Anika Singh Lemar Warns of “Zoning Creep” by Owner-Occupancy Requirements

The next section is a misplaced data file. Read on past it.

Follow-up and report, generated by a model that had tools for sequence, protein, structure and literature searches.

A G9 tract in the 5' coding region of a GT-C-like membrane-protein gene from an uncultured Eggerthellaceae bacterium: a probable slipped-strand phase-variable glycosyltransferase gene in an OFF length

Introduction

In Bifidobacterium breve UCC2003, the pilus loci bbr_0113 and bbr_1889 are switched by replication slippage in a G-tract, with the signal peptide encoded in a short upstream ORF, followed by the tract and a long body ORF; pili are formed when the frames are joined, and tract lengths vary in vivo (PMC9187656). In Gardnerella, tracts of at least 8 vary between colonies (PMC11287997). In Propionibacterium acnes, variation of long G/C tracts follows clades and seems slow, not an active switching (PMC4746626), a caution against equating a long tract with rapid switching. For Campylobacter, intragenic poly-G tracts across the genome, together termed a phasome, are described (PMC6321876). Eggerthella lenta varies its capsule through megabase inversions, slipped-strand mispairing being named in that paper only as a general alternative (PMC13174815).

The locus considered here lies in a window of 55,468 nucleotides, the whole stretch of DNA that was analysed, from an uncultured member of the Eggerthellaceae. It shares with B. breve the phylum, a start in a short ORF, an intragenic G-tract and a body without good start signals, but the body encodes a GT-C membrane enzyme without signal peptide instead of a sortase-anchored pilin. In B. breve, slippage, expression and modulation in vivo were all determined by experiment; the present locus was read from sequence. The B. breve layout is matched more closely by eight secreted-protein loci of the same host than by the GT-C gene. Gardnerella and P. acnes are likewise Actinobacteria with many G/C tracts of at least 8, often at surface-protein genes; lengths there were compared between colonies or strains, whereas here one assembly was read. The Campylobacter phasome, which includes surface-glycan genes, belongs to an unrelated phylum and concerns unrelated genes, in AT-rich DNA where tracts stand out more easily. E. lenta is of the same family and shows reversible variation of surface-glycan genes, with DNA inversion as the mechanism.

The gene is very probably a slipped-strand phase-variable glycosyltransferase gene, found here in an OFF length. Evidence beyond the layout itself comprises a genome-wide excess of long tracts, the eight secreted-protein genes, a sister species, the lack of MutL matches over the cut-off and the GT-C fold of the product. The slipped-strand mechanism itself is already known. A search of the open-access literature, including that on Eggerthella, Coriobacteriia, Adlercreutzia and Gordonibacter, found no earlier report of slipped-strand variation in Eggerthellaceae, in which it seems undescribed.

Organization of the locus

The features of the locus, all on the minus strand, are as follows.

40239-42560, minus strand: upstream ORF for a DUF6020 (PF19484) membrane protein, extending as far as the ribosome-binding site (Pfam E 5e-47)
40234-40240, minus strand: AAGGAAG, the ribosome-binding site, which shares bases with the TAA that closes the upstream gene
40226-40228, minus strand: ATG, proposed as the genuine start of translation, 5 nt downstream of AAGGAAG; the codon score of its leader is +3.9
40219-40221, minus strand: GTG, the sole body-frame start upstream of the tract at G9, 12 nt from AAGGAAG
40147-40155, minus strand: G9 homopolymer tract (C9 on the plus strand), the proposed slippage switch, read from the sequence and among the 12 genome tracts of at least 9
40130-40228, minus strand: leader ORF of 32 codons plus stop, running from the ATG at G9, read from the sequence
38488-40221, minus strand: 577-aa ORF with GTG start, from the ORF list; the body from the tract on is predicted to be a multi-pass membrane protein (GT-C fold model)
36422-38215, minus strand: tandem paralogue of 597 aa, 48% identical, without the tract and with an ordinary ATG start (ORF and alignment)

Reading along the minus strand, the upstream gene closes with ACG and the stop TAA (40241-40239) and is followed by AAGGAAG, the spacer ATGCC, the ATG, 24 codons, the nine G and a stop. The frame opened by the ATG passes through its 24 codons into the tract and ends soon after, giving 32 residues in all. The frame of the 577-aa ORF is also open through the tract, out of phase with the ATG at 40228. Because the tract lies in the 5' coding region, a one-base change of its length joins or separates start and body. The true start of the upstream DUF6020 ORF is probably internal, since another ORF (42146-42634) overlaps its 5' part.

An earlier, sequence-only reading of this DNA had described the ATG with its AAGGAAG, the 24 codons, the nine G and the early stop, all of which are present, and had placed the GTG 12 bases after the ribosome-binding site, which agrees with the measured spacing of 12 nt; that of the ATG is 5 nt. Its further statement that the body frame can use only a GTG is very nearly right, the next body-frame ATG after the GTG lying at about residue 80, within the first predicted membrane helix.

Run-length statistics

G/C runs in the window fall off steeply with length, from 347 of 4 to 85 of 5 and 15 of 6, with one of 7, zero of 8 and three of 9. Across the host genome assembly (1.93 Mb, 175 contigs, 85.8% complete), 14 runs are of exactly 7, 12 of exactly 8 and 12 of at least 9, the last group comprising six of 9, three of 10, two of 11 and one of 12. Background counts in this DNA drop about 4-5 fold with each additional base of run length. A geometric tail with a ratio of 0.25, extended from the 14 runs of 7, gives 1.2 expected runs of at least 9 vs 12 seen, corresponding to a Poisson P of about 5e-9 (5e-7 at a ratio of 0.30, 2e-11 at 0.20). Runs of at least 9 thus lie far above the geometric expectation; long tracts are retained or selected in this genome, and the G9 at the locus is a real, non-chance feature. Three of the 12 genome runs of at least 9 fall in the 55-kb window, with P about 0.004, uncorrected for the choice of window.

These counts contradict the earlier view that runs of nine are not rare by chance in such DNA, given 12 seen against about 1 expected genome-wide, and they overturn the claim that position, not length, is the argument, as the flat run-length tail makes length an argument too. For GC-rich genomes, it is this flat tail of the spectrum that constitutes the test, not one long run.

Anika Singh Lemar (’05), Yale Law School Clinical Professor of Law and Nonresident Senior Fellow - Brookings Metro, authored an article for the Brookings Institution’s The Avenue citing owner-occupancy requirements as one example of “zoning creep” (applying zoning outside its designated purview), pointing to their impact on housing supply and affordability (“How Owner-Occupancy Regulations Are Contributing to the Housing Crisis,” Oct. 27). “In case law, most courts acknowledge that zoning governs use, not ownership. Nevertheless, courts defer to towns’ allegations that owner-occupants are better stewards of property. So long as courts refuse to interrogate the nexus between a zoning ordinance’s claimed purpose and its actual effect, there will be no judicial remedy for zoning creep. Thankfully, courts in New Jersey and North Carolina have shown a way forward—one that courts in other states ought to emulate.”